PUTTIN' COLOGNE ON THE RICKSHAW

A Guide to Dysfunctional Management and the Evil Workplace
April 7th, 2013 by William

The Rigor Cartis Syndrome

Have you ever wondered how and why the modern hierarchical organization chart got its start? We’ve all seen them, and if you work for living you’re probably represented on one, maybe not by name but by job function. We’ve all been affected, both good and bad, by them whether we know it or not. Regardless, we all know where we stand on one and learn to guide our career choices based on that hierarchy–more importantly where we want to be in that hierarchy.

The Egyptians are thought to be the first people to use charts to illustrate the division of labor employed for large projects like the building of the Pyramids. The French Encyclopédie, published in the mid-1700s, defined one of the first organizational charts–the grouping of an organization into divisions and connecting subordinates to managers and managers to higher managers via a set of unidirectional arrows.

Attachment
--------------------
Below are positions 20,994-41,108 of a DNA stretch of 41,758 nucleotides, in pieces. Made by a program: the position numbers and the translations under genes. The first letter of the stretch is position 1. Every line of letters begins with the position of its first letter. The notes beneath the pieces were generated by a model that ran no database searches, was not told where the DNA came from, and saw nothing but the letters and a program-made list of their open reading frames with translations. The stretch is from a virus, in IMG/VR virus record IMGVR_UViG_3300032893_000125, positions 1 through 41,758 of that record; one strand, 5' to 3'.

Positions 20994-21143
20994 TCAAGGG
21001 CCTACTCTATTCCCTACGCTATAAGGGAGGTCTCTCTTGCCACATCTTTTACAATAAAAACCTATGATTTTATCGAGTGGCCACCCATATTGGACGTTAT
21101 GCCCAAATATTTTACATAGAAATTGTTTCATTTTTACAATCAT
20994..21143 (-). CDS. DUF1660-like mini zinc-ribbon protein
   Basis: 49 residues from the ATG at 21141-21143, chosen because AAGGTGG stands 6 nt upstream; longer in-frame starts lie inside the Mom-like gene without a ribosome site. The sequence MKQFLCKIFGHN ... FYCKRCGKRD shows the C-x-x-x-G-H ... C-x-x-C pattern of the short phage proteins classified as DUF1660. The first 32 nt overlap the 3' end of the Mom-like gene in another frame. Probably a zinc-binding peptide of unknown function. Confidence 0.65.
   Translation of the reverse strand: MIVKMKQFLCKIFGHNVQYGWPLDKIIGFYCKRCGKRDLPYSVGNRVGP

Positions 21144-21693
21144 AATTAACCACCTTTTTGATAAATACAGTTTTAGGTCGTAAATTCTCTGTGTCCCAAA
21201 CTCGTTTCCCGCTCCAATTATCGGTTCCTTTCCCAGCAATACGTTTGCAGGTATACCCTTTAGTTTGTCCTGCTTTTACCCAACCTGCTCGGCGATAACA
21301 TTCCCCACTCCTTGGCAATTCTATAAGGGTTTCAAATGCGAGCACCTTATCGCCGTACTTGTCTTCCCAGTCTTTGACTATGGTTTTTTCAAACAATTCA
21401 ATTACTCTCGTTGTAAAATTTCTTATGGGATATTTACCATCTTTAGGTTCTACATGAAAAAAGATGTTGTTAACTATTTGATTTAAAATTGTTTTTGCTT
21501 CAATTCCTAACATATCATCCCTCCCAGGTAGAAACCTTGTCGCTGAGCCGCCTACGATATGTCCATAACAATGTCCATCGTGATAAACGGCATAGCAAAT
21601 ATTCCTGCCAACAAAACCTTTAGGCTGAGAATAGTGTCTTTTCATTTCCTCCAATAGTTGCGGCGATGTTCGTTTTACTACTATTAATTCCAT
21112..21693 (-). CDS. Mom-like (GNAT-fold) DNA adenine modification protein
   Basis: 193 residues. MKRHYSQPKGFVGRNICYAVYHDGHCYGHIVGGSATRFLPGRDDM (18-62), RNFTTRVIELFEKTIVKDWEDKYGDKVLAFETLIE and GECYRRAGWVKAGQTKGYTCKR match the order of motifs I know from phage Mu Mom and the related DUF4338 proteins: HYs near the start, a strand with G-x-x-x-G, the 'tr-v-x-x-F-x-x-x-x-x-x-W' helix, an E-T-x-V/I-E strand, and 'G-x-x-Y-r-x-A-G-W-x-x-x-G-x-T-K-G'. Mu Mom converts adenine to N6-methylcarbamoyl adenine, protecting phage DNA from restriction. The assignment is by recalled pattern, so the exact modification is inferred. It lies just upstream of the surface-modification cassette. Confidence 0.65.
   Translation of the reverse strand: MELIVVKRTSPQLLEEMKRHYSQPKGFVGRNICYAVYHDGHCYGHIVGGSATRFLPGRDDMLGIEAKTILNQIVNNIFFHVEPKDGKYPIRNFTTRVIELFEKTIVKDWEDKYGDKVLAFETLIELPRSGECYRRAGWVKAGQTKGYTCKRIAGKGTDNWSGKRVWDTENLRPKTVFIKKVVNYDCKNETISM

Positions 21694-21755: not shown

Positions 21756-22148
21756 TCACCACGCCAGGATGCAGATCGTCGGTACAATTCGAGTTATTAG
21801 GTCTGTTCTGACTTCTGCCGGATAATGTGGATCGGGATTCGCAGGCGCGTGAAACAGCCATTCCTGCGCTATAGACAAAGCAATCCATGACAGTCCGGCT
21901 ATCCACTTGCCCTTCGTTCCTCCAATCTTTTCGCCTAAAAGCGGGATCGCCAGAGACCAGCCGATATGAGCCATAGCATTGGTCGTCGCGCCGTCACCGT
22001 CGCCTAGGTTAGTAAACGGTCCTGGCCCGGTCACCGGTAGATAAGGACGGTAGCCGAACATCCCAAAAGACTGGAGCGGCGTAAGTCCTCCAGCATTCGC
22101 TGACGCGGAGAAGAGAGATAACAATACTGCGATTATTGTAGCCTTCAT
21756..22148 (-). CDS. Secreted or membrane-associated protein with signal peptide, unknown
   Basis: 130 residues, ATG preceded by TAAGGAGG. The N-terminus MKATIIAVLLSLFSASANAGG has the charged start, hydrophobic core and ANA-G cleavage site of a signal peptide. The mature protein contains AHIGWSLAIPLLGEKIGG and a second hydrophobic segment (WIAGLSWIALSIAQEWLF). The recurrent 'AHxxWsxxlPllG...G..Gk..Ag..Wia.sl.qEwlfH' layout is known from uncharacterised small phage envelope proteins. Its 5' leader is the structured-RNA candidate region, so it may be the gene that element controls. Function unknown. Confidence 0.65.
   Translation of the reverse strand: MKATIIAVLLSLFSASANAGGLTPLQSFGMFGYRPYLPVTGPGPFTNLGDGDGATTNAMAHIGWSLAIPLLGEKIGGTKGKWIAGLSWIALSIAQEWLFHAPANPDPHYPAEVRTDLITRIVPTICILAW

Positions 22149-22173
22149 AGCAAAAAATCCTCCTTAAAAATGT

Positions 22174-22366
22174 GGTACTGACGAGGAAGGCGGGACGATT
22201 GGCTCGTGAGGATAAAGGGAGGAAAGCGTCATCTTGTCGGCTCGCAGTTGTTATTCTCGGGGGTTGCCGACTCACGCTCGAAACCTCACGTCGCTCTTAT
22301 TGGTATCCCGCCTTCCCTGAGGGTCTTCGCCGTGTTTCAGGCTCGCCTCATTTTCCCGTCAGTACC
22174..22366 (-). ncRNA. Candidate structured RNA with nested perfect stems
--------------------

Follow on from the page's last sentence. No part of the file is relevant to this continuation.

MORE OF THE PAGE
You might be surprised to learn that before the advent of modern middle management there was really no need for an organization chart. As late as 1840 there were no middle managers in the US, that is, there were no managers who supervised the work of other managers and in turn reported to senior executives who themselves were salaried managers. Prior to this the traditional business firm has been a single-unit business enterprise in which an individual, or a small number of owners, operated a shop, factory, etc. out of a single office or facility.

In the United States the organization chart first appeared in the mid-1800s and has been credited to Daniel McCallum of the Erie Railway. In 1855 McCallum created an organization chart to keep track of men and resources in what was the largest railroad in the world at the time.